As soon as we arrived at the university, the advanced group went straight to the building room to start work on cutting out all the separate sections of fur. The head of my puppet was made up of 16 separate pieces. I spent most of the morning session sewing the pieces together. During the session, a reporter from the local paper came through the room with the director of the program. The reporter asked me questions about my experience over my four years at Beyond the Sock and how I have used the experience in my puppetry and teaching practice. The interview did slow my work down, and I had a particularly challenging build with the sheer number of fur pieces I had to put together, but I enjoyed talking about my work with the reporter.

  • 3D printed mouth plate grip designed by Project Puppet.

In the afternoon performing session, the advanced group had the opportunity to learn how to puppeteer live hand puppets, and the concept of performing a right hand for a main puppeteer. I had the good fortune to right hand for my teacher. The exercise involved passing a roll of tape between each of the three characters. It was very challenging because I could not see a monitor, and my teacher is significantly taller than me. Many of the people in the advanced group, including myself all pulled up sore in the upper arm after the right handing exercise.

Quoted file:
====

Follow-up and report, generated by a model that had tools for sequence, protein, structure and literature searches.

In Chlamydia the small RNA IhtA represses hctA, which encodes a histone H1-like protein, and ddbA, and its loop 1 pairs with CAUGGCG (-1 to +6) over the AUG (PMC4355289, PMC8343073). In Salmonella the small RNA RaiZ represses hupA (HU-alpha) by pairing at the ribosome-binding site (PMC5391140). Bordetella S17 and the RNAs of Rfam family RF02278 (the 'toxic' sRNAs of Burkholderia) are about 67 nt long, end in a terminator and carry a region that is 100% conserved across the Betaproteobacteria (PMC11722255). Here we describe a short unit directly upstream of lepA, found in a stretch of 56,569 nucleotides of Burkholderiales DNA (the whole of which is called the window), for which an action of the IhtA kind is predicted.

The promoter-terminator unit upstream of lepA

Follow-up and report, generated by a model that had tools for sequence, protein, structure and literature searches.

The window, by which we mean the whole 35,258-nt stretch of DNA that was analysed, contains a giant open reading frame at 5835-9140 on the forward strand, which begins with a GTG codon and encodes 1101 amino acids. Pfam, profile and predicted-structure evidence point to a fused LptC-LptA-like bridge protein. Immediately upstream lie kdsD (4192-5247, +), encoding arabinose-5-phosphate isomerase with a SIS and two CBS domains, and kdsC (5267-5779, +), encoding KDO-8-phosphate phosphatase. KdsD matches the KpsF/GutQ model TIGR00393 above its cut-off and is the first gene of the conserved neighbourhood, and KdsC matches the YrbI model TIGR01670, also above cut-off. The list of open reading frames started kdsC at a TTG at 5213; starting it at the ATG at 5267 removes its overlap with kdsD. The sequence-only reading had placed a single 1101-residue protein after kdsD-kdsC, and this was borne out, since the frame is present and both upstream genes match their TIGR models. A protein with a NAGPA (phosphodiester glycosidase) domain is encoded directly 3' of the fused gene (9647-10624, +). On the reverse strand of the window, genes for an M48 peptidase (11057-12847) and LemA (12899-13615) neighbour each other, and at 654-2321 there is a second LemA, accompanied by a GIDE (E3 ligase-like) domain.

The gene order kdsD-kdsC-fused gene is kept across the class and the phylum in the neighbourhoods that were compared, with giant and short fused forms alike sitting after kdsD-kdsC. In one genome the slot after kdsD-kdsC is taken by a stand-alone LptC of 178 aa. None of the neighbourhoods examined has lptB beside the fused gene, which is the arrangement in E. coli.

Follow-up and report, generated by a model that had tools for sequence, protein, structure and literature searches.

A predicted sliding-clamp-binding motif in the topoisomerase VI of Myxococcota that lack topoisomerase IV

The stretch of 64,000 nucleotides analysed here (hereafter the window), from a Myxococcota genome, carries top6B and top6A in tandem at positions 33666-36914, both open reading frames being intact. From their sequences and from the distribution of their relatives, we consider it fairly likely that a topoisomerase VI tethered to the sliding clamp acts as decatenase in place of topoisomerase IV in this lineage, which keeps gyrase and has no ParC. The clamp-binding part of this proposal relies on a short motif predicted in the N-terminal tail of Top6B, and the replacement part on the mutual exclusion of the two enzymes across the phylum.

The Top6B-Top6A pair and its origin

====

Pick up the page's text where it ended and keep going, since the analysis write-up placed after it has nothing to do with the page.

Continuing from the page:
We had a casual get together in the hotel that night after dinner. I spent the evening sewing more of the pieces of the head fur together so that I could catch up to the rest of the group with my work.

 

 

 

Going Beyond the Sock in 2019 Day 1-3

Well, once again the puppets and I are travelling to the USA to attend Beyond the Sock Puppetry workshop in Texas USA, but first, we are making a little stop in Atlanta, Georgia. We left Sydney on Friday, May 31 on an Airbus A380. I travelled in QANTAS Business Class, and the puppets had their own party down in the hold just like Kermit, Fozzie and Gonzo in the Great Muppet Caper movie.

Muppets in the hold of the plane back to USA in the Great Muppet Caper

Muppets in the hold of the plane back to USA in the Great Muppet Caper

Day 1- Saturday, June 1, 2019

I spent today at the Center for Puppetry Arts in Atlanta USA. Since the Center was between puppet shows in their theatres, the Center was holding a Jim Henson Fantasy Film weekend focusing on the Dark Crystal (1982), and Labyrinth (1986). My day started at the Make a Puppet table, where I got to make a Fizgig paper hand puppet, followed by a Dark Crystal Shard hunt around the Dark Crystal exhibition and atrium, a tour of the Jim Henson collection permanent exhibition, and assisting with a Labyrinth jigsaw puzzle.

  • Lucy and Miss Hannaford outside the Centre for Puppetry Arts

Puppet highlights included seeing Topthorn- the black horse puppet from Warhorse. It was the closest I have ever gotten to the horse puppets.

In the evening, I attended a workshop called Creature Features with Professor Mark from Cartoonyville. we learnt about different kinds of materials that can be used for puppet eyes, where interesting puppet teeth can be found.